What I have available is both types, a brute force search and a Boyer Moore algo as it is useful to have both because they have overlapping capacity. I have adapted Jeremy Collake's version of a Boyer Moore to suit the MASM32 library and just got back his approval for it. The difference is in search string length and startup overhead, a boyer moore has to load a shift table which prevents it from being useful in recursive searching and it is not as fast on short search patterns. Testing the two algorithms I have, the pattern length overlap is about 10 - 12 characters. Below that, the brute force algo comes back faster most of the time, over that length, the boyer moore becomes progressively faster. The brute force one is more general purpose as it starts faster but if you need to search very long sections of data for long phrases or BYTE patterns, the boyer moore has a big performance advantage. Regards, email@example.com
I messed up: I meant Boyer-Moore algo doesn't do as many comparisons. :) The link that I added to the bottom of my message above is what you speak of.
Just so you know Hutch: Jeremy Collake's version of a Boyer Moore, is actually Horspool algorithm - which is a simplified variation. It really doesn't perform as well as the full implementation. I'm working out the details of an improved version of Boyer Moore: Turbo-BM. The code will be availible when I'm done. Boyer-Moore has even more overhead than Horspool algorithm. This message was edited by bitRAKE, on 4/11/2001 10:08:45 PM
Bitrake, Thanks for digging that one out, I know that Jeremy Collake's version is a port of the DOS example by Abrash and I knew it was doing a few things different but it certainly performs well. I have seen most of the stuff around on the net including the java demos but not much available in decent technical articles, I have not been able to find Bob Boyer's original paper and he can't either so the work I have done so far has been nutted out the hard way. I have most of it going but I don't know the technique used for the additional heuristics and thius leaves me with a few problems with repeat sequences like x!!!!!. Let us know when you get it going, it will be interesting to see how fast it is with the additional overhead. Regards, firstname.lastname@example.org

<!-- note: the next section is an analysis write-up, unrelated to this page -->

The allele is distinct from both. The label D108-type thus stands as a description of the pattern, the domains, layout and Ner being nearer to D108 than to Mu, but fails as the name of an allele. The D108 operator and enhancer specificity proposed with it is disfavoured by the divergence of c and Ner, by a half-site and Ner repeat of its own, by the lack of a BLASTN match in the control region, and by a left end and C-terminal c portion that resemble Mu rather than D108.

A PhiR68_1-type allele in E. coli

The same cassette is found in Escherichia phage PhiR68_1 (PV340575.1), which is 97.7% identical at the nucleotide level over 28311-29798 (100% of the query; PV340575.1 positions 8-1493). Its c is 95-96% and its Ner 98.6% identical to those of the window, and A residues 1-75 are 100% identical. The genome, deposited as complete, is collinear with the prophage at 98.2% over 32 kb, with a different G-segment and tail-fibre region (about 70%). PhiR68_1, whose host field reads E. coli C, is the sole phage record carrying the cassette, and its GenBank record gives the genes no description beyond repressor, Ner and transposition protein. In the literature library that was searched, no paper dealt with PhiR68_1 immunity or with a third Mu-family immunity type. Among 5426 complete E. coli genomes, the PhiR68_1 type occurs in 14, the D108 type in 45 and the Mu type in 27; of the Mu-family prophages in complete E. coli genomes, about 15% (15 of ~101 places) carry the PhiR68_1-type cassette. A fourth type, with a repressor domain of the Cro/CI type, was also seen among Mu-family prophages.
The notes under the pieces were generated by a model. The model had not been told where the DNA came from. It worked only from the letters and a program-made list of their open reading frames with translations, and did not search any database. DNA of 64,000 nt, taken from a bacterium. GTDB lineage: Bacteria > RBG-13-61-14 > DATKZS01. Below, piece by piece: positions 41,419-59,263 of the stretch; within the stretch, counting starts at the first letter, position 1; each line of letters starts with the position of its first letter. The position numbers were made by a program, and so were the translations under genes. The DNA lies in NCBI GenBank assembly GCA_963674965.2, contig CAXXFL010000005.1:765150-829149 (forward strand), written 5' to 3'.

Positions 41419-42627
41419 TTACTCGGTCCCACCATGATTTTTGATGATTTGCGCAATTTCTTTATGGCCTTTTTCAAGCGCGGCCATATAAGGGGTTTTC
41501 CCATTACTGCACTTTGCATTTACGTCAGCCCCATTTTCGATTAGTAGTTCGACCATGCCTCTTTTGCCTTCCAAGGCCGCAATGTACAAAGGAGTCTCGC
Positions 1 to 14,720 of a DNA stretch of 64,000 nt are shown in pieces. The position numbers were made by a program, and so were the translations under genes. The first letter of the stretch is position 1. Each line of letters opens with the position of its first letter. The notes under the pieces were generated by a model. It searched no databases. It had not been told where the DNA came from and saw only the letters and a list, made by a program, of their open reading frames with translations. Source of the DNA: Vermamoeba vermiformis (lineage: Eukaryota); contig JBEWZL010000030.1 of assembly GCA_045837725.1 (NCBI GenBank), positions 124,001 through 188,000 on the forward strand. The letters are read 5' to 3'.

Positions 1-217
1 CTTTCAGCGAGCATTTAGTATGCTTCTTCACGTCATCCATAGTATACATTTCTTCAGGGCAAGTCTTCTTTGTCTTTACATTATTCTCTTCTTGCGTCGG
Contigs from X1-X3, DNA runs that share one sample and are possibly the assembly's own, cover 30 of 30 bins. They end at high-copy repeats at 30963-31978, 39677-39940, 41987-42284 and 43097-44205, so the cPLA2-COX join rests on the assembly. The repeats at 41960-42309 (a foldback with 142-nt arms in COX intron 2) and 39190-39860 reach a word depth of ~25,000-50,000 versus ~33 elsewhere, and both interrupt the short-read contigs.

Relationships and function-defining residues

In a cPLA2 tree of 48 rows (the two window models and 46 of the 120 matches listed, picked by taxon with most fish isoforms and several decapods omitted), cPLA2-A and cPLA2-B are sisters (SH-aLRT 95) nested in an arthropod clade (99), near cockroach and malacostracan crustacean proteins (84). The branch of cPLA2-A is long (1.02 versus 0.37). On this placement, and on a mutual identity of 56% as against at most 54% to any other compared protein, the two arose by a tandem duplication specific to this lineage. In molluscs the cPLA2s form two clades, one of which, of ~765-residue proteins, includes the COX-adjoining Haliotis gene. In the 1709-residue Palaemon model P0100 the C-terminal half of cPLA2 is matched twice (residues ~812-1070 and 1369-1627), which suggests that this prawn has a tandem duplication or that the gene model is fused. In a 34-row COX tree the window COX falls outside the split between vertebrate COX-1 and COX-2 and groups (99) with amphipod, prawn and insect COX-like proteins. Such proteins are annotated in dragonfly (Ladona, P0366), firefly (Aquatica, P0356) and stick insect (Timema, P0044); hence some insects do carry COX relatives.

Steve, 1. I'm glad you found the way - how did you get the thought of alignment? What brought you to it? 2. I've looked at your InString proc and I think it's possible to make it 20-30% faster. Please, try to determine size of string while scaning. You don't need to make StrLen first - while searching for first byte of substr and while mutching strings check byte for searched bytes and for zero as control byte to finish in the same iteration. The Svin.
Alex, The InString proc basically needs a re-write and what I had in mind was using the new one and writing a wrapper to it as it is a fair bit faster than the search method in InString. I originally cut the search out of it and made it into a seperate proc but the ones we now have are a lot faster. I am not really in a mad rush to do it as the two available now can be used for text search with no problems, it just means writing the text adressing code first and then calling either the brute force algo or the Boyer More algo. Regards, email@example.com
Hutch, I just convert the C code and read every shred of information I can find. The part that the algorithm lacks is the good suffix skipping - everytime you match a character in the string that appears later in the string, and it's not a perfect match; the algorithm doesn't skip forward to that byte - it only skips forward on initial bad bytes. I just need more time to code. I never should have got another girlfriend. :P Just got laided off and the computer crashed last week! The hard drive with all my work is sitting on a stack of books until I have time to figure out what exactly went wrong, and salvage what I can! :( I want to go back to school next semester, too. :) Life is fun when you hit some friction. :)